Real Estate Search Tit for Tat

Zillow launches new improvements to its search tools this week (see Zillow Launches New Smart Search Feature). So does Trulia.

The most obvious change in the new release is that Trulia, unlike Zillow, has shrunk the default size of its map results (see Trulia shrunk the map). They’ve chosen to rely instead on a hierarchal list of properties, rather than the geo-plotted representations of the search results.

I actually like the new view a lot the more I played with it. I found myself wanting to see where items were on the map, only after I’d scanned the list to review the properties’ details (thumbnails, price, beds, baths etc.). I think this is much more natural response to a consumer’s search funnel.

It seems then, that Trulia has fired the first shot – as the infatuation with the eye-candy of maps cools in deference to putting the product (listings) up-front-and-center (see Real Estate Search Stores – Coming Soon?). I wonder if we’ll soon see similar moves from the other players?

The motivation behind the change seems to be speed. From Trulia’s blog post:

We’re constantly working on making the website faster and you should see some small, but noticeable improvements here.

And this jives well with a recent comment from Sol regarding Zillow’s new search tools.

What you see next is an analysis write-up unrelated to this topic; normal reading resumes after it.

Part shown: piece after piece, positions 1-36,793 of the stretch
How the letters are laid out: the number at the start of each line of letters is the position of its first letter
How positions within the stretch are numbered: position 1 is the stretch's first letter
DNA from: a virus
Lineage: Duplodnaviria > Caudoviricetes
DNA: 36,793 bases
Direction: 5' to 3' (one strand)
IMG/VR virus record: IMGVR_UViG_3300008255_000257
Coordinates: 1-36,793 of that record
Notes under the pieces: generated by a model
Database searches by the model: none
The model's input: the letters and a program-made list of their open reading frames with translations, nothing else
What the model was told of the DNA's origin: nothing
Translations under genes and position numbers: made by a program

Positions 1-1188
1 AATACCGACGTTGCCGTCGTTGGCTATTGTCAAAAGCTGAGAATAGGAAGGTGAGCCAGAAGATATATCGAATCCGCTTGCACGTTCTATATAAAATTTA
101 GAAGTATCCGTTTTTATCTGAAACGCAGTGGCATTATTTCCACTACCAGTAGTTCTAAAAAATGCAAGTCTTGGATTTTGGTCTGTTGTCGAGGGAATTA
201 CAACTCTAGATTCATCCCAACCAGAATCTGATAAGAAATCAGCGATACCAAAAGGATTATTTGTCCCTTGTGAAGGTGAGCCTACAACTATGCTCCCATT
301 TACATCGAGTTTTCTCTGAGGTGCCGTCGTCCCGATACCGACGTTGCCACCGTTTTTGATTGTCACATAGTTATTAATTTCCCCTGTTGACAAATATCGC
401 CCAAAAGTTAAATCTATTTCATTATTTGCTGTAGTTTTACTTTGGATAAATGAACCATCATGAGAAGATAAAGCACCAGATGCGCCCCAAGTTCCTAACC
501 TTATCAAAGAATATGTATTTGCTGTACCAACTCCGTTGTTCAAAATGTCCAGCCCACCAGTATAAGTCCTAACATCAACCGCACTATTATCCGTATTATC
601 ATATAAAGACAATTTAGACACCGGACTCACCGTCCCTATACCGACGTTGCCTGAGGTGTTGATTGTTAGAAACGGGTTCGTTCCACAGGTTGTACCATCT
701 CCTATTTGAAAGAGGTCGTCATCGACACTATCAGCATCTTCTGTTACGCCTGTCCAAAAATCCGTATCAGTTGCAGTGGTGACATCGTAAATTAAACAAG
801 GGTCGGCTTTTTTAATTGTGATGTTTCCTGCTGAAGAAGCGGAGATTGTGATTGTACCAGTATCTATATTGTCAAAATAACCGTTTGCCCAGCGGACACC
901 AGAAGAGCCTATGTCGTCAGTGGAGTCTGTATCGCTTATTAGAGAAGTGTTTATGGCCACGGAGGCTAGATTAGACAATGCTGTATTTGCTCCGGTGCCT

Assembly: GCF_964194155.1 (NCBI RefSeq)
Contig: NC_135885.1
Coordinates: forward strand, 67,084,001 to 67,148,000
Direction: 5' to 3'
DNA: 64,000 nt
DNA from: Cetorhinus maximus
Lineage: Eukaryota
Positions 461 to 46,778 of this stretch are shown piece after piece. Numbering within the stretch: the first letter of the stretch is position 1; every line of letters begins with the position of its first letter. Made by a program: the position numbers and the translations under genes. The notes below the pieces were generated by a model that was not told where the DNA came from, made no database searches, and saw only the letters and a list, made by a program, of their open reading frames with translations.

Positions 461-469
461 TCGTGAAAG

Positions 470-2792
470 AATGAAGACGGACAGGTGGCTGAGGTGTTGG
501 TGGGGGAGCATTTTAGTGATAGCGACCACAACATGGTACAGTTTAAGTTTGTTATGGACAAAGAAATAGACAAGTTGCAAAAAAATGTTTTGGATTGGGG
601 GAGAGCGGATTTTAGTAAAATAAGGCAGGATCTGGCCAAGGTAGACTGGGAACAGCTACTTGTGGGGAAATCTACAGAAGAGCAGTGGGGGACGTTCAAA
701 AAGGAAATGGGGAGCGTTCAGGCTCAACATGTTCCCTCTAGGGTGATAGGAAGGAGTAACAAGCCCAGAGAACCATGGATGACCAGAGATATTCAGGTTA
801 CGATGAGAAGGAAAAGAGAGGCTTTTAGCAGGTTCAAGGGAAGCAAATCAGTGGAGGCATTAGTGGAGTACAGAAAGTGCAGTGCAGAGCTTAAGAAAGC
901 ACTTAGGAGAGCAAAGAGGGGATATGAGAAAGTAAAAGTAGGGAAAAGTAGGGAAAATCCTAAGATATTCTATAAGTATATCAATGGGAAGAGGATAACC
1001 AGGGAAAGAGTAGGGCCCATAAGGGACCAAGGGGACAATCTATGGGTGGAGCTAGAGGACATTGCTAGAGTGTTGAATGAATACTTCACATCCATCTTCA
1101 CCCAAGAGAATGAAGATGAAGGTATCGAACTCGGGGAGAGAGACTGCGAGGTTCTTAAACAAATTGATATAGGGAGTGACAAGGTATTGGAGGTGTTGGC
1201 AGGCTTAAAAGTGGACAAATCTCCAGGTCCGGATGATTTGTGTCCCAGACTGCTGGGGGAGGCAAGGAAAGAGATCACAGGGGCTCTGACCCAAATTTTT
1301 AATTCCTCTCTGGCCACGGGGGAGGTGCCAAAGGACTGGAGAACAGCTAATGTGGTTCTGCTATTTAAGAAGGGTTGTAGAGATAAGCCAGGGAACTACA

I recall when Redfin and Homepage.com first launched. It took ( no joke ) 2-4 minutes to load the homepage. The typical consumer has 37 seconds attention span. SPEED. SPEED. SPEED. It’s the only thing that is guaranteed to change in the future.

The one thing I didn’t like with the new layout is that the options to refine a search now fall largely below the fold. It didn’t seem to be immediately obvious where or how I could change my search parameters.

It also seemed like the new design has added more obnoxious placements of Google Ads on the page. Something that may hint of growing need within Trulia to find a path to profitabililty.

It’s too early in the fusillade to see which approach will win out; Zillow’s maps or Trulia’s new lists. Right now, Trulia sits near the bottom of my informal (and highly unscientific) poll on which real estate search site will win out in 2008. There’s still time to vote, so let me know what you think.

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